Why is the California  Water Board risking the State’s water to protect an 
Oregon  Utility? 
Klamath Water Quality  Still in Peril 
Last week, the State Water Resources Control Board granted  PacifiCorp’s 
request to suspend the Section 401 Water Quality Certification  process until 
May 17, 2011, a whole year beyond target dates set forth in the  Klamath 
Hydroelectric Settlement Agreement (KHSA) negotiated in February.   
“PacifiCorp will keep stalling and avoid taking  responsibility for the 
water quality disaster on the Klamath River as long as  the State allows. The 
River needs help NOW,” Hoopa Valley Tribal Chairman,  Leonard Masten said. 
California’s Section 401 Water Quality certification  process is the final, 
required step in the Federal Energy Regulatory  Commission’s (FERC) 
relicensing process. PacifiCorp’s license to operate the  Klamath Hydroelectric 
Project expired in 2006. California was amidst the  Section 401 Water Quality 
Certification process, as required by the Clean  Water Act, when the Bush 
administration in 2008 announced an Agreement between  PacifiCorp, California, 
Oregon and the Federal Government to look into  potential dam removal. A 
year later, in 2009, the Obama administration signed  on to the document. 
“The Agreement in Principle brought the Section 401 Water  Quality 
Certification process to a dead stop in 2008,” Masten said. The clock  is still 
ticking, and not in favor of Klamath River salmon that Indians and  non-Indians 
depend on as a subsistence, cultural and economic  resource. 
The KHSA and companion settlement, the Klamath Basin  Restoration Agreement 
(KBRA) require federal legislation to be in enacted. The  KHSA calls for 
legislation to be introduced by May 18, 2010. That deadline has  come and 
gone. The Hoopa Tribe believes the $1.5 billion price tag and ongoing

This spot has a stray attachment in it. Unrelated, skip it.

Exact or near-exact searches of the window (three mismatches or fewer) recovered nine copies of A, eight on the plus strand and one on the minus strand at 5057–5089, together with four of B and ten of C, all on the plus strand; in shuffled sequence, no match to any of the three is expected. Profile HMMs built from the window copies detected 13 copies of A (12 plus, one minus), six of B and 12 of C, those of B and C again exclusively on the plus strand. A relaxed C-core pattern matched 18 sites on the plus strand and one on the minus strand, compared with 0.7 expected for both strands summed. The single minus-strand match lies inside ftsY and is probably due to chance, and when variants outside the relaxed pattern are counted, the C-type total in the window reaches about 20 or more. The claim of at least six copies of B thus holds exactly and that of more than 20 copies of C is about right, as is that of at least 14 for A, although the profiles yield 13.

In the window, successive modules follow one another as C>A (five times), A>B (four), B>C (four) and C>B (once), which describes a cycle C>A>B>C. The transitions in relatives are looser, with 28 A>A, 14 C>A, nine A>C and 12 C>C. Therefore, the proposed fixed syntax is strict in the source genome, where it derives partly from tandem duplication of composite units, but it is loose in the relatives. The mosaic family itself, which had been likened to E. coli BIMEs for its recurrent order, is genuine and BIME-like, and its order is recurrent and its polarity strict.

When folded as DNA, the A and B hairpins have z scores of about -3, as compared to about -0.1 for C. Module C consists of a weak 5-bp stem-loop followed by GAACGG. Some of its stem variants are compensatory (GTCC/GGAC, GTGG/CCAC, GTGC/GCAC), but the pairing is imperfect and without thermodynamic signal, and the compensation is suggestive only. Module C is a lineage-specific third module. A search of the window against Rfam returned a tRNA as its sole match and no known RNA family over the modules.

disagreements about the KBRA in the basin have stalled its  introduction. 
Water Board Chairman, Charles Hoppin cited a lack of state  money to 
complete the 401 certification process as a reason the Board granted  another 
delay. Vice Chair, Frances Spivy-Weber expressed concerns that the  Water Board 
is not putting PacifiCorp’s “feet to the fire.” She said, “Sooner  or 
later we’ll have get past the abeyance issue. This issue is no closer to  being 
solved today than it was years ago.” 
The Hoopa Tribe sees water quality on the Klamath as an  issue that needs 
immediate attention to avoid another fish kill, like in 2002,  when over 
68,000 adult Chinook salmon died in warm, shallow, disease ridden  waters in the 
Klamath River. Action to improve the water quality is long  overdue. Even 
if the Klamath Settlements move through Congress, dam removal  would not 
occur until 2020. In the meantime, toxic blue green algae and other  
contaminants run rampant in the river. 
“The State Water Board has granted a series of such  delays,” Masten said. 
“The resolution they adopted last week will cause the  abeyance to lift if 
federal legislation is not enacted by May 17, 2011, a  whole year after the 
proposed timeline in the KHSA and KBRA settlements. They  have, in essence, 
given PacifiCorp, and themselves, more time to do  nothing.” 
Helpful  Links: 
To read the State Water Resources Control Board’s  discussion and 
resolution click _here_ 
To read the November 14, 2008 Agreement in Principle, news  release, and 
correspondence between the Secretary of Interior and PacifiCorp,  click _here_ 
To access the Klamath Hydroelectric Settlement Agreement  and the Klamath 
Basin Restoration Agreement click _here_ 
To read more about the Hoopa Valley Tribe’s position on the  Klamath 
Settlements click _here_ (http://www.hoopafisheries.org/3336.html)  
Allie  Hostler 
Communications  Coordinator, HVT Fisheries 
P.O. Box  417 
Hoopa, CA  95546 
(530)625-4267  x12 
(530)739-2323  cell